Keith Vinson, 57, developer, Arden, North Carolina, was sentenced to 18 years in prison for his role in a scheme involving the failed land development deal of Seven Falls, a golf course and luxury residential community in Henderson County, North Carolina. He was also ordered to serve three years of supervised release and to pay restitution in the amount of $18,384,584.53
A federal jury convicted Vinson in October 2013 of conspiracy, bank fraud, wire fraud, and money laundering conspiracy.
Stated Jill Westmoreland Rose, Acting U.S. Attorney for the Western District of North Carolina:
“Keith Vinson was the central figure among a group of rogue bankers, CPA’s, appraisers, investors and others who together not only violated federal laws, but violated the trust of legitimate investors and potential home owners. The U.S. Attorney’s Office engaged our full resources to investigate and successfully prosecute this greedy group, but the greater message is to those who seek to engage in similar fraudulent activities: we are not finished. Western North Carolina is enticing to investors and developers because of the beauty of the landscape and continued growth; however, those who seek to conduct business in this area should prepare to do so fairly, legally and transparently because we are paying close attention to business transactions by investors, developers and would-be gate keepers”
According to filed court documents, evidence presented at Vinson’s trial and the sentencing hearing: Beginning in 2008, Vinson and his co-defendants conspired and obtained money from several banks through a series of straw borrower transactions in order to funnel monies to Vinson and his failing development of Seven Falls, a proposed golf course and luxury residential community in Henderson County, North Carolina. Vinson and his conspirators devised this scheme in order to funnel monies to Vinson and his failing development of Seven Falls.
In order to advance this scheme Vinson and his co-conspirators, including Avery Ted “Buck” Cashion, III, Raymond M. “Ray” Chapman, and others, recruited local bank officials including George Gordon “Buddy” Greenwood and Ted Durham, who at the time were, respectively, President of the Bank of Asheville and the President of Pisgah Community Bank. When bank officials realized that they had reached their legal lending limits with respect to some of the straw borrowers, additional straw borrowers were recruited to the scheme and more straw borrower loans were made to them. Additional straw borrower loans were also necessary to keep loans current, a scheme known as “loan kiting.” The loan kiting scheme became necessary when conspirators were unable to make payments on loans made early in the scheme. Seven Falls and another luxury residential golf development by Vinson named “Queens Gap” failed, resulting in millions in property losses. In addition, both the Bank of Asheville and Pisgah Community Bank failed and were taken over by the FDIC.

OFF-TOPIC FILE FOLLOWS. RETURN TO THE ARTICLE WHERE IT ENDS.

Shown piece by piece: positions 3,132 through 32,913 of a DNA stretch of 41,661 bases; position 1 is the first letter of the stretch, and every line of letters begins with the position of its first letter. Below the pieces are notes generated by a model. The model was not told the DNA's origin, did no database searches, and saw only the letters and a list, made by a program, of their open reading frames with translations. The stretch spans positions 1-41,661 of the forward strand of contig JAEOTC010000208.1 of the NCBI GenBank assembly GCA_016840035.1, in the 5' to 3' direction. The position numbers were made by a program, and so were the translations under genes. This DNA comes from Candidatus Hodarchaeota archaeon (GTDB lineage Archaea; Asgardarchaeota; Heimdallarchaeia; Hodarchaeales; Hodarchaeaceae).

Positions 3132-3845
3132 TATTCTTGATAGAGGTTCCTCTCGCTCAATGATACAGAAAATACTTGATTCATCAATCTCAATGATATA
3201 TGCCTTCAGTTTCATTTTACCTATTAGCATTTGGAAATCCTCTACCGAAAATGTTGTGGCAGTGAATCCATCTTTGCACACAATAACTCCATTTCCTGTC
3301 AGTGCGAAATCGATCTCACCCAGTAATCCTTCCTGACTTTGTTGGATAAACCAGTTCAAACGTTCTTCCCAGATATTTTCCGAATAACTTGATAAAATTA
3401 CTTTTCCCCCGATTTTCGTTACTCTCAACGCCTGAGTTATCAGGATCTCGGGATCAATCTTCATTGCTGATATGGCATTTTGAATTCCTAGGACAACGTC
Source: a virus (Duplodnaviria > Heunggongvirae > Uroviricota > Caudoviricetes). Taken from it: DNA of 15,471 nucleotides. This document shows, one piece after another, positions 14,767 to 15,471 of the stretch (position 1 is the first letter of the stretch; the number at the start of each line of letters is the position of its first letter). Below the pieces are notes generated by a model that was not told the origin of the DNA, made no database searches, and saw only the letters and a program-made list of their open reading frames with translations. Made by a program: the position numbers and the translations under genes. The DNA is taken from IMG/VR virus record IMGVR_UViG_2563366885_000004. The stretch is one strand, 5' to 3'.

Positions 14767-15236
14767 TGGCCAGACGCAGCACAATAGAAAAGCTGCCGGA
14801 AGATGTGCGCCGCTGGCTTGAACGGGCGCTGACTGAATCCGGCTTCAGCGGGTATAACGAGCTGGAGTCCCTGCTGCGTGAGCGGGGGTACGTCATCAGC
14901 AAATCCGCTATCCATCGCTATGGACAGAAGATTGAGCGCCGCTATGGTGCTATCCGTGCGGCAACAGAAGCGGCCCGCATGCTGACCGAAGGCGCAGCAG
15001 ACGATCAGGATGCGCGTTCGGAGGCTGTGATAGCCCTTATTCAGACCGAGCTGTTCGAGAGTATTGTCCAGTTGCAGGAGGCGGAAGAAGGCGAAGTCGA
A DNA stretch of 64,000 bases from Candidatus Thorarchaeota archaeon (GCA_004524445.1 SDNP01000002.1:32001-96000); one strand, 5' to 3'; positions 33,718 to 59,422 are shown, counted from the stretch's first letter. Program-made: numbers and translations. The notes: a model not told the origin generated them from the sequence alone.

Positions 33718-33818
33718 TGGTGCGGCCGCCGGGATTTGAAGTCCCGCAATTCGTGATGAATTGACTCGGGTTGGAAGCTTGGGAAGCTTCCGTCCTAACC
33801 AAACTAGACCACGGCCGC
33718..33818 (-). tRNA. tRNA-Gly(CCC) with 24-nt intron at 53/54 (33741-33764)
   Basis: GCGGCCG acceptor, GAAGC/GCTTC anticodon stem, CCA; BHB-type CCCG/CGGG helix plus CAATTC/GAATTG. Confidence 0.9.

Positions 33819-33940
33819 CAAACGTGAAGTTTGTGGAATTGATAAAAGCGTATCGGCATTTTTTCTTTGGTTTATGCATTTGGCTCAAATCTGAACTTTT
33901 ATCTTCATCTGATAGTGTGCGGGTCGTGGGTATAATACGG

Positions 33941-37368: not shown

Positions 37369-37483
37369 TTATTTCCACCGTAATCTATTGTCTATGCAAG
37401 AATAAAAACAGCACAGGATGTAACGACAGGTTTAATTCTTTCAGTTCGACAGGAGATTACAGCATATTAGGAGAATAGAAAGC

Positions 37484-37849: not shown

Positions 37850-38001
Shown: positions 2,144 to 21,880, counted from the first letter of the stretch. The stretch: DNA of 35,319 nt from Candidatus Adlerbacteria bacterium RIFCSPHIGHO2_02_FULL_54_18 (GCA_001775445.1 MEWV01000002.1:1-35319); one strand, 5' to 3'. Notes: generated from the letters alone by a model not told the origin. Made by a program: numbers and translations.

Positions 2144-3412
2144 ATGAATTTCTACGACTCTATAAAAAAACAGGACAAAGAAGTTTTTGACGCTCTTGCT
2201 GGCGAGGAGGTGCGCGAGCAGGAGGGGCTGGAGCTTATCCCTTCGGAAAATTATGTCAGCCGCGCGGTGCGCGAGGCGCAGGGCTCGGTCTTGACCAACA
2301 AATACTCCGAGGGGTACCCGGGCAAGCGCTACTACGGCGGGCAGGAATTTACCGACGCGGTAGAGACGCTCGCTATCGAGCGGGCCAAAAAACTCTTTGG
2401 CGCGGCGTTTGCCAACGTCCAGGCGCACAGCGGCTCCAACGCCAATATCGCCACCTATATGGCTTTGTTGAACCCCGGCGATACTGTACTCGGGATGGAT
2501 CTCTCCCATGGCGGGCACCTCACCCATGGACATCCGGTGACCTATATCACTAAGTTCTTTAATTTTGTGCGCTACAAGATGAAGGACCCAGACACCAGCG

Many of Vinson’s co-conspirators were sentenced on June 2, 2015. Avery Ted “Buck” Cashion, III, 61, Lake Luke, North Carolina, was sentenced to 36 months in prison and ordered to pay $14,266,256.47 in restitution; Raymond M. “Ray” Chapman, 68, Brevard, North Carolina, was sentenced to 36 months in prison and ordered to pay $14,266,256.47 in restitution; Thomas E. “Ted” Durham, Jr., former President of the failed Pisgah Community Bank, 60, Fletcher, North Carolina, was sentenced to 30 months in prison and ordered to pay $6,237,453.37 in restitution; and Aaron Ollis, 68, a former licensed Real Estate Appraiser, Arden, North Carolina, was sentenced to two years of probation, including 12 months and 1 day home detention and ordered to pay $10,199,106.87 in restitution. Cashion, Chapman, Durham and Ollis each pleaded guilty to conspiracy to defraud the United States.
George M. Gabler, 60, former Certified Public Accountant, Fletcher, North Carolina, was convicted of one count of willfully failing to report misconduct associated with two Seven Falls lot loans in March 2010. In court documents, Gabler admitted that he withheld documents from a federal grand jury knowing that they were related to fraudulent loans taken out on behalf of Vinson. For this offense, Gabler was sentenced to two years of probation, including 500 hours of community service and a $5,000 fine.
Previously, Buddy Greenwood was sentenced to 42 months in prison; Nicholas Dimitris was sentenced to 12 months plus one day in prison; Robert Craig Gourlay, the former Pisgah Community Bank Chief Credit Officer, was sentenced to 15 months in prison; David G. Smith, who worked as a loan officer for Pisgah Community Bank was sentenced to nine months in prison, and Andrew Hager was sentenced to eight months in prison in connection with the Seven Falls scheme.
Vinson is currently in federal custody and will be transferred to the custody of the Federal Bureau of Prisons upon designation of a federal facility. All federal sentences are served without the possibility of parole.
The investigation was being jointly handled by the FBI, IRS-CI, and FDIC-OIG. Assistant U.S. Attorneys Don Gast and Michael Savage are in charge of the prosecution. The announcement was made by Jill Westmoreland Rose, Acting U.S. Attorney for the Western District of North Carolina. Acting U.S. Attorney Rose was joined in making the announcement by John A. Strong, Special Agent in Charge of the Federal Bureau of Investigation (FBI), Charlotte Division, Thomas J. Holloman III, Special Agent in Charge of the Internal Revenue Service, Criminal Investigation Division (IRS-CI); and Jason T. Moran, Special Agent in Charge of the Federal Deposit Insurance Corporation (FDIC), Inspector General’s Office of Investigation, Atlanta office.